"Being comfortable stinks" she said, but "changing is hard." I smiled, nodded, and said, "Yes it can be but who we become as we traverse the gap is what really matters ". She gave me that funny "I think I know what you mean but I am not sure I understand" look. So I began to explain to her and slowly she began to understand. To understand that life is all about closing gaps. It sounds so simple. I must admit it does, but it is in the application where all the opportunity lies.
She told me that when she had noticed gaps she would get frustrated that she was not where she wanted to be. She would then take action and eventually would close the gap but in no time there were more gaps. Sometimes there were multiple gaps; she hated that. Then she looked down, almost embarrassed. I asked her what was she feeling right now. She said that the worse was when she recognized there was a gap and she could not close it, no matter how hard she tried. It made her feel inadequate. Her voice cracked and as tears began to form she confessed, "when I couldn't close the gap, I just gave up."
I felt her pain but I knew she had to move through it. I had to ask the question that needed to be asked no matter how tough it was, “By giving up on you, what has that cost you in your life?" Now the tears were in a full stream and she said "everything!" She told me that every time she quit on herself it was that much easier to quit the next time and now she has quit so many times she barely even tries anymore. It cost her relationships, her ability to be grateful and loving. She has turned cynical and spiteful, but most of all it cost her herself. She proclaimed "I wasn't always this way. I used to dream, laugh, and love. I loved life and learning but I pushed everyone away except my dog. He doesn't know any better." She smiled and we shared a laugh. She was ready, more ready than she ever has been!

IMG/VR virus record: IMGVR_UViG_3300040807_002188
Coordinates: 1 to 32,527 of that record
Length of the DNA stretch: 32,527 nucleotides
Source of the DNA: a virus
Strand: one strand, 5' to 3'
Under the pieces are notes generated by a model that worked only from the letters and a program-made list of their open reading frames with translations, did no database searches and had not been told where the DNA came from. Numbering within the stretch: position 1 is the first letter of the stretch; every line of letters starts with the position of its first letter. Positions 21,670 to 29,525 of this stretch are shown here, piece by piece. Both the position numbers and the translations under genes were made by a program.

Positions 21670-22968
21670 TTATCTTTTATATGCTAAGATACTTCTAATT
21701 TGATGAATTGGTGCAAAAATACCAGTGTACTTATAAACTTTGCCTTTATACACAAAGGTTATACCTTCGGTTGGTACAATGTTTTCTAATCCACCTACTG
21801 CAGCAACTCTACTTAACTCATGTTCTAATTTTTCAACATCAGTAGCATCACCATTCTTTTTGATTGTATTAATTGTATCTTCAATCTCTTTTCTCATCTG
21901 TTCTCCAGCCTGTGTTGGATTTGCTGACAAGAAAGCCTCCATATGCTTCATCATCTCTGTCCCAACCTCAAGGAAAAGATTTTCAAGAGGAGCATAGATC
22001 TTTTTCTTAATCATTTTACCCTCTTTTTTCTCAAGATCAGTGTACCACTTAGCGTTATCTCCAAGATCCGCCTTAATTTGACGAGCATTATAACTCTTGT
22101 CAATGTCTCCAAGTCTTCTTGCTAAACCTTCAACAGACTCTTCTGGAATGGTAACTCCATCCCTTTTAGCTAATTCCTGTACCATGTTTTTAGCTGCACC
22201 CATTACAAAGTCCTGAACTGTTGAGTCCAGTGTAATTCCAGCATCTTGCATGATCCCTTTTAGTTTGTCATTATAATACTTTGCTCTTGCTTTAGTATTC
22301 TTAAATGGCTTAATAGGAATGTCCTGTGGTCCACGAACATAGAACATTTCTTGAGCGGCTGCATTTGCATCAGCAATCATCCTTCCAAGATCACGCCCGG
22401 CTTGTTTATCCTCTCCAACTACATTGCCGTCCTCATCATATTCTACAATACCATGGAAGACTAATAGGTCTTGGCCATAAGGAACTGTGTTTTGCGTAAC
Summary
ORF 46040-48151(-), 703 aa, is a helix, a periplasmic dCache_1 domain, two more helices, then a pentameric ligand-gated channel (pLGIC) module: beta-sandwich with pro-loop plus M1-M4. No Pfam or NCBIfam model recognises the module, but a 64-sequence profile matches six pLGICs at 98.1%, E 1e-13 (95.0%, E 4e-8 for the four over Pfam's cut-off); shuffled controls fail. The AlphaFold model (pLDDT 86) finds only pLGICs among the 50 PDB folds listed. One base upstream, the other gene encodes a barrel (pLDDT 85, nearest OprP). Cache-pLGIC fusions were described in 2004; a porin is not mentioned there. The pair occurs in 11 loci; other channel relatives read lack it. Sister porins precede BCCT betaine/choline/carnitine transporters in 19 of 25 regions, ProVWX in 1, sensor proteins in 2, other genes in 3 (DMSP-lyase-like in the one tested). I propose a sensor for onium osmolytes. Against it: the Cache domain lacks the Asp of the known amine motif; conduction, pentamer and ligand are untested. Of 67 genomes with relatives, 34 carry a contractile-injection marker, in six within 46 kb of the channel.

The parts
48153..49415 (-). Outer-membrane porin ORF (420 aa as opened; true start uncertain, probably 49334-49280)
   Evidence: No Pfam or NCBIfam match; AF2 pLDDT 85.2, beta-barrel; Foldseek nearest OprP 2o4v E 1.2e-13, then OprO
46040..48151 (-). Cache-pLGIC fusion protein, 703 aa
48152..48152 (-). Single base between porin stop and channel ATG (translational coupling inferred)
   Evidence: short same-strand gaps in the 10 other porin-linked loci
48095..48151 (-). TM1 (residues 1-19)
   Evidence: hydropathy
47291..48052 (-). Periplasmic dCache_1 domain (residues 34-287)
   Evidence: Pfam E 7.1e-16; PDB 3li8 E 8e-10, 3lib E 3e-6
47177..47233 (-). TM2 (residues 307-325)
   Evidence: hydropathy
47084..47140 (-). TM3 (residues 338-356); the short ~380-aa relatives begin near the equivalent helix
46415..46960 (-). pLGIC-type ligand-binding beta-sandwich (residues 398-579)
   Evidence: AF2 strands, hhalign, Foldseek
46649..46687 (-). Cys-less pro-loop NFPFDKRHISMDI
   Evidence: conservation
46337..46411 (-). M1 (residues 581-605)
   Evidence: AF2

She asked, "what do I do now?" I said you take another step. She was confused. I shared with her that she was closing the biggest gap of all. The one that leads you back to who you really are. She shook her head and said, “I don't know if I even know if I know her anymore. It has been so long." “Too long" I said with a smile as she silently acknowledged that with a nod.
It was in that moment I knew she turned the corner. She became a sponge, listening, learning - feeling. You could see the little girl who has been absent for so long slowly beginning to return. I shared with her that what she discovers about herself is even more important than closing the gap. It is the fact that you step out of comfort and safety; and step into the unknown and growth. She nodded and understood that there is no game plan or recipe to follow. She recognized that it is all unwritten, that she gets to be the author, and that there that are always more gaps. Gaps are not a sign that you're inadequate or that you are doing anything wrong. They are a sign that you are alive and doing well in this game called life. She smiled, this time she was the women, the women who she always wanted to be. She said "change is still hard." I agreed and said "yes it can be but the rewards are so worth the effort."